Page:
I have to begin with the music, because I think this is where the real success of this production lies. In a stroke of genius, it includes eleven of Coward’s songs, allowing characters to explore their emotions without needing heavy or fraught dialogue. It doesn’t quite become a musical, indeed some of the songs barely get to the chorus, but for me it creates an unexpected sense of joy and fun that the audience really embraced.
That said, whilst musical numbers don’t dominate, music itself is ever-present in this production. A vivacious, ballsy live band (Alice Phelps, Jenny Walinetski and Sam Quinn), directed from the piano by Matthew Malone (The Book Thief, A Christmas Carol), provide not just a soundtrack to the play but musical moments and sound effects that help punctuate everything that is happening on stage. In fact there was very little time when there wasn’t some sort of harmony – all the more impressive as (so far as I could see) Malone was playing entirely without sheet music.
This musical texture gave context in an otherwise very sparse staging, which comprised of little other than some tables and chairs and the café counter, all underneath an iconic station clock. In my opinion, there isn’t much more needed, and this approach gives the actors the space to really work the 360 stage and ensure no part of the audience misses out. One effect I will call out though is the way the entire stage – and all the audience seating – shakes to simulate a train going past. It is a simple piece of stage craft but again, very well thought through and effective.
This musical texture is also helped by the incredible quality of the singing. Every member of the cast is brilliant but Christina Modestou (Strictly Come Dancing, Love Actually), as Myrtle, is my stand out performance of the evening. Her gentle romance with the honest and affectionate Albert (Richard Glaves – (Holby City, Atonement)) makes for a stark comparison with the main leads. Modestou has wonderful comic timing throughout in a performance that reminded me at times both of Victoria Wood and Nora Batty, but her performance of ‘No Good at Love’ is just so powerful, I could have happily listened to her sing all night.
Ida Regan (The Secret Life of Ophelia, Doctors) does however come a very close second. Her mousey and timid portrayal of the slightly downtrodden Beryl is again brilliantly comically observed, but is made all the more hilarious by her moment in the spotlight when she belts out a highly sultry and seductive ‘Mad About the Boy’. She has a deep, throaty voice that is perfect for jazz and her performance is both sexy and funny in equal turns.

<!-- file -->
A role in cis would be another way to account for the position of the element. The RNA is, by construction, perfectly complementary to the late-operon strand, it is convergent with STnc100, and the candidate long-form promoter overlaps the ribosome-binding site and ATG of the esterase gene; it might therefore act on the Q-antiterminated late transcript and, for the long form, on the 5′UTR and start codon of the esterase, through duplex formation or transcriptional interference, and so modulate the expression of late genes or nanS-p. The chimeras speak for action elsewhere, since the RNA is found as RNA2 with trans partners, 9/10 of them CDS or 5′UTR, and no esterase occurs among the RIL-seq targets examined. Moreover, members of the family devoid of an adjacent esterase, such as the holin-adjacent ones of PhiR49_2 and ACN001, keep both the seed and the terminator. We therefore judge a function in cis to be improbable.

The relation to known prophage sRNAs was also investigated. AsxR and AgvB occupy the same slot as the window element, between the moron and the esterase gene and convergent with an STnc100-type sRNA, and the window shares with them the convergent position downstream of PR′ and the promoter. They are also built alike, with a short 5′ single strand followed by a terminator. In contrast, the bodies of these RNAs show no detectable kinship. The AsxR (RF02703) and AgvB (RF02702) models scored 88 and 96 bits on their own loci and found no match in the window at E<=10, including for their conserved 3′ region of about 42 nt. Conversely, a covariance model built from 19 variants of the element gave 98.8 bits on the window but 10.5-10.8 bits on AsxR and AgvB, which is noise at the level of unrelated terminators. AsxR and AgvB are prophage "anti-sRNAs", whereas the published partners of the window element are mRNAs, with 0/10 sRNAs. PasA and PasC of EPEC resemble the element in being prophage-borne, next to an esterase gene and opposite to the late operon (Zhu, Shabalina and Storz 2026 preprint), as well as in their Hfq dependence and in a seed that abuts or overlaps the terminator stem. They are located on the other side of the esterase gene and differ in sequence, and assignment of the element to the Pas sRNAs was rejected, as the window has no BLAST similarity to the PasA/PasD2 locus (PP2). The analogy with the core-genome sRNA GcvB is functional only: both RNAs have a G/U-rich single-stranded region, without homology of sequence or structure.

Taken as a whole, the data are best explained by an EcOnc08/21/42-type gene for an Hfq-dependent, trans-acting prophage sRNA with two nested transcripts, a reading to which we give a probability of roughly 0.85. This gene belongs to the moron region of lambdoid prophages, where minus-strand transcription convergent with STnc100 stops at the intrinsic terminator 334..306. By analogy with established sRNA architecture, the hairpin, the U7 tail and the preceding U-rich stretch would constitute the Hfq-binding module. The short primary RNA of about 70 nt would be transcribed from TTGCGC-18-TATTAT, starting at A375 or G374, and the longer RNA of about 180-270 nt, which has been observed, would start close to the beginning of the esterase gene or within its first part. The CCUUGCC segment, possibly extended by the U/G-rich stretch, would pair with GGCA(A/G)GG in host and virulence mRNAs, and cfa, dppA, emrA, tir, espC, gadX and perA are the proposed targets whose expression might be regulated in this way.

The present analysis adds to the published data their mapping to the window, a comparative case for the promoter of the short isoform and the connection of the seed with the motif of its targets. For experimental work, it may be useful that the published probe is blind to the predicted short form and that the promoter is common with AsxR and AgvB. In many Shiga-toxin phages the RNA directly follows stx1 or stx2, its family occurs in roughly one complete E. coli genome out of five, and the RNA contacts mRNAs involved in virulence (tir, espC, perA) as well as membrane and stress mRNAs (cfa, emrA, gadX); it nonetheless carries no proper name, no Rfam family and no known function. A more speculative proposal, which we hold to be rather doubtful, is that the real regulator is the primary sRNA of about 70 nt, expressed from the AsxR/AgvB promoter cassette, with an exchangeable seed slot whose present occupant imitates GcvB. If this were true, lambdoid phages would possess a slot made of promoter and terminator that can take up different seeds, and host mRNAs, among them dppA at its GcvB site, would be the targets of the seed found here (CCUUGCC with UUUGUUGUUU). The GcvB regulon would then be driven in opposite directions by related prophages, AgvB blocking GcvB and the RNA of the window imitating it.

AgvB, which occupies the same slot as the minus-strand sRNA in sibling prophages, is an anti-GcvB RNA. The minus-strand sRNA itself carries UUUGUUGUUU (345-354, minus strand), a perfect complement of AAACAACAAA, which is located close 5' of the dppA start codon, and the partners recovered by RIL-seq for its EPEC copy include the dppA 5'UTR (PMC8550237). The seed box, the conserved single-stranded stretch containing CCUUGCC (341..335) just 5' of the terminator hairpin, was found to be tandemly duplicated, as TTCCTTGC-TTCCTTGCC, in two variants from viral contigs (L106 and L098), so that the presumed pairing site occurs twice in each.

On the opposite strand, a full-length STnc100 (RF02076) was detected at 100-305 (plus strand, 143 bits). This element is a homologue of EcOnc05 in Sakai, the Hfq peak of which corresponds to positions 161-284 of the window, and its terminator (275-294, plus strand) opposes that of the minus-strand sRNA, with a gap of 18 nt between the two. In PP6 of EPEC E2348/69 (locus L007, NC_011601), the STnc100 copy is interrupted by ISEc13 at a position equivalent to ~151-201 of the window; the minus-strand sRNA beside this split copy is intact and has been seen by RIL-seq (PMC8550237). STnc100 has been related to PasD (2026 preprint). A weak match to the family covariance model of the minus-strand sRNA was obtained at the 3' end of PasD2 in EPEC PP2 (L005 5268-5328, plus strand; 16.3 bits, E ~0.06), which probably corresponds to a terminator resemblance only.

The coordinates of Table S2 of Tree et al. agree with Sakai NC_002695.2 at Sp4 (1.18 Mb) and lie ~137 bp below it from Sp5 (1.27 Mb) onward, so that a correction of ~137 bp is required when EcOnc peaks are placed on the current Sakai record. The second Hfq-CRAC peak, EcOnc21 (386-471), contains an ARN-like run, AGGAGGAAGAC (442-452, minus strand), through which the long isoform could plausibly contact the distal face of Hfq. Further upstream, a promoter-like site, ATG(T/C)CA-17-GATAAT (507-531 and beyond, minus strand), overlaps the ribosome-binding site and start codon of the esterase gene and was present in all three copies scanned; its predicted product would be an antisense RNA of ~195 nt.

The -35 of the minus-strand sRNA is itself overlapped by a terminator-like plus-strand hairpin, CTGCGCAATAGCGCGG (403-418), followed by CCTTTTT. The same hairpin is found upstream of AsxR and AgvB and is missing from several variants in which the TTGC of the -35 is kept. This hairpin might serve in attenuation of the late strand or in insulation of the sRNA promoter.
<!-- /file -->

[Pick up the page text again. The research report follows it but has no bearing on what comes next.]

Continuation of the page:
Hannah Azuonye (MacBeth, Hanna) and Baker Mukasa (Peter Pan, Tina: The Tina Turner Musical) as the leads Laura and Alec both gave considered performances, definitely making me rethink my perception of their characters. Mukasa’s Alec, whilst self declared as middle aged, is boyish, energetic and spontaneous. His passion for his work and innocent pleading of ‘not quite yet’ at their parting, is charming.
Azuonye by comparison presents Laura as a woman quite unused to the emotions she is experiencing, and totally unable to manage or cope with them: in fact she is slowly losing herself to them. This is shown best in a fabulous dance sequence in the second act which brings together Ballroom, Tango and Jive, and which ends with Laura dancing not with Alec, but on her own.
Both these performances bring depth to the characters and whilst I don’t think I will ever be able to like these careless people, in this production at least, I could feel some sense of pity for the misery and pain which they cause themselves.
Georgia Frost (Brassic, Eastenders) is utterly charming as Stanley, the boy about whom Beryl is mad. Frost has the challenge of being the first cast member to burst into song, which can always be a bit jarring especially where there hasn’t been a full jazz hands opening number, but she does it so naturally – and performs ‘Any Little Fish’ with such cheekiness and sauce, you can’t help going along with it.
This excellent cast is completed with Matthew Allen (Doctors, Napoleon), who like the rest of the supporting cast plays a number of roles, but really comes into his own with a fantastic saxophone solo, demonstrating again the versatility of this excellent cast.
I genuinely think it is a rare thing to find a production of such consistent calibre – the audience were definitely appreciative, with a large amount of cheering and clapping throughout the show! There are simply too many moments that are touching, or funny, or well crafted to list in this review but this a production that absolutely deserves to be seen.
WE SCORE BRIEF ENCOUNTER...